ISLAMABAD: While conveying the reservations of environmentalists on the recently notified timber movement policy, the Ministry of Climate Change has forwarded a summary to the Cabinet Division secretary to revoke the policy.
The policy, which was notified by the G-B Council and approved by former prime minister Raja Pervez Ashraf on his final day in office, allows for the transportation of around four million cubic feet (cft) of timber from Diamer in Gilgit-Baltistan (G-B) to others parts of the country.
Environmentalists fear the policy will lead to rapid deforestation in Diamer. In the absence of strict and scientific mechanisms to monitor the illegal felling of timber, environmentalists say forest contractors will cut down more trees illegally to replace those already transported.
In an April meeting of the Senate Standing Committee on Climate Change, the ministry’s secretary Muhammad Ali Gardezi said that he would request the cabinet secretary to reverse the policy, citing the concerns of environmentalists and the risk presented to Pakistan’s international commitments on deforestation.
A ministry official requesting anonymity confirmed that the summary had been forwarded to the cabinet secretary and a reply from the Cabinet Division was expected soon.
Meanwhile, civil society organisations in Islamabad — such as the Sustainable Development Partnership Institute (SDPI), Akhtar Hameed Khan Resource Centre (AHKRC) and the Himalayan Wildlife Foundation (HWF) — have been campaigning against the harmful effects of the timber movement policy.
“This is a continuation of really poor governance on behalf of the government of Pakistan and the G-B government,” Dr Anisur Rahman, chief executive officer of the HWF, said. “It is a collaboration to denude our forests and take them to such a stage where they will not be recoverable.”
The HWF has also written a letter to the G-B Supreme Appellate Court asking it to take note of the policy’s effects. Rahman said that the HWF was also planning to send a similar letter to the Supreme Court of Pakistan.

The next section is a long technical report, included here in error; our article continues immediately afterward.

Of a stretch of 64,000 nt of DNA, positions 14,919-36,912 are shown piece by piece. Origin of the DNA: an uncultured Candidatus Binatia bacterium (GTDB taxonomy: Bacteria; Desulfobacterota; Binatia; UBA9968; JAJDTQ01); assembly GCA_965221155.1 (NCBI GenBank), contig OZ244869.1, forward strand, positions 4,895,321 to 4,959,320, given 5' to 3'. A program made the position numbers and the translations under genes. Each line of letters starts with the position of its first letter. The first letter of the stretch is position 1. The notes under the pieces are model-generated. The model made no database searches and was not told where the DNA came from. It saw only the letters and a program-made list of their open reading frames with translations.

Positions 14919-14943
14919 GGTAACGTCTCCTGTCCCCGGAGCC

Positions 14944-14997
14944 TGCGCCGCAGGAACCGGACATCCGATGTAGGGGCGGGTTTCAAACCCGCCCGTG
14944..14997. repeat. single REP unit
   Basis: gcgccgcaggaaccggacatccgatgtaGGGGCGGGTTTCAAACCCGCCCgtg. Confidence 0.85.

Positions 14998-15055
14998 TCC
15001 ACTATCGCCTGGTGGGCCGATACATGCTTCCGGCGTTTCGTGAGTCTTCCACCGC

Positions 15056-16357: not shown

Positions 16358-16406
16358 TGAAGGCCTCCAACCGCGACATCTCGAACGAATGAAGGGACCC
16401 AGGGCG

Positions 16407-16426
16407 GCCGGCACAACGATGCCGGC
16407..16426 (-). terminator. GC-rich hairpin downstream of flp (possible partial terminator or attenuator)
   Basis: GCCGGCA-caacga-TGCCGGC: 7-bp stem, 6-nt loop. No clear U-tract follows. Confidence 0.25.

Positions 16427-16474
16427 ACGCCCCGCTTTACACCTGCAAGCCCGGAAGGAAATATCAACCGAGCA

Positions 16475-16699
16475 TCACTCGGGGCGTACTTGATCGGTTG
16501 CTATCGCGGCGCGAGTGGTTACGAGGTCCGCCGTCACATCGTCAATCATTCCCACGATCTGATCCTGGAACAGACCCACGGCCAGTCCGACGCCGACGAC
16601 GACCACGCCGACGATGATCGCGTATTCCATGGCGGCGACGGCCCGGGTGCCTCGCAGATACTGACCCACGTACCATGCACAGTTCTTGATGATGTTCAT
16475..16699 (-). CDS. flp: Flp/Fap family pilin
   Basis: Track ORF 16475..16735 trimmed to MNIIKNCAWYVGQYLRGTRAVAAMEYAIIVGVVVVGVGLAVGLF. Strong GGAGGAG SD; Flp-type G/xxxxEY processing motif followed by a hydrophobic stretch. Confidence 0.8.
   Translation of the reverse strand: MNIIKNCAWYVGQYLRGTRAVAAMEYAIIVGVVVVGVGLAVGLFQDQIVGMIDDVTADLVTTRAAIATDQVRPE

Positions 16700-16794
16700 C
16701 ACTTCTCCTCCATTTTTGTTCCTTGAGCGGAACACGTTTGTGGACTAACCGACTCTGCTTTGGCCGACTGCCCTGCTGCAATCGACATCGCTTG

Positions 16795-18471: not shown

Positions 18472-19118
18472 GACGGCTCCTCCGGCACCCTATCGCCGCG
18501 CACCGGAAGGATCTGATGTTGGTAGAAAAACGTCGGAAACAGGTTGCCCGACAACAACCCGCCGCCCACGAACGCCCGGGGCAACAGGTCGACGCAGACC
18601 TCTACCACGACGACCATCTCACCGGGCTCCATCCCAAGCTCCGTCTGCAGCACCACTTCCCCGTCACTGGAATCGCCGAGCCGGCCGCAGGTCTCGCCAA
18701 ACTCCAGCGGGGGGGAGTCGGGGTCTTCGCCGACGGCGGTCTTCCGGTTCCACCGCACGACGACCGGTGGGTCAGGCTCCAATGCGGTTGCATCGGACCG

Rahman said the timber policy gives little or no benefit to the local communities except destroying the forests and benefiting the contractors.
“If the timber is about to rot, it should be given to the local communities on cheap rates so that they do not have to cut more trees for firewood,” Rahman said.
“The forest that has been cut cannot be brought back,” he said. “It is a complete loss.”
It is worth noting here that the policy lifted a decades-old ban on the transportation of timber from Diamer to the rest of the country. In addition to the legally-cut timber, which locals claimed had begun to rot, the policy also stated that around 1.9 million cft of illegally cut timber could be transported down the country after contractors pay a fine that varies depending on the type of trees.
However, environmental activists allege that the corrupt forest officers and contractors will collude to cut more trees illegally and easily transport them outside the region because of the existing policy.
Chilas native Khan Muhammad Qureshi, who is trying to raise awareness about deforestation in Islamabad and Diamer, claims the contractors have raised the rates they pay locals for illegally cutting timber to Rs60 from Rs25 to pacify them, as Diamer forests are legally the property of the local communities.
Published in The Express Tribune, May 6th, 2013.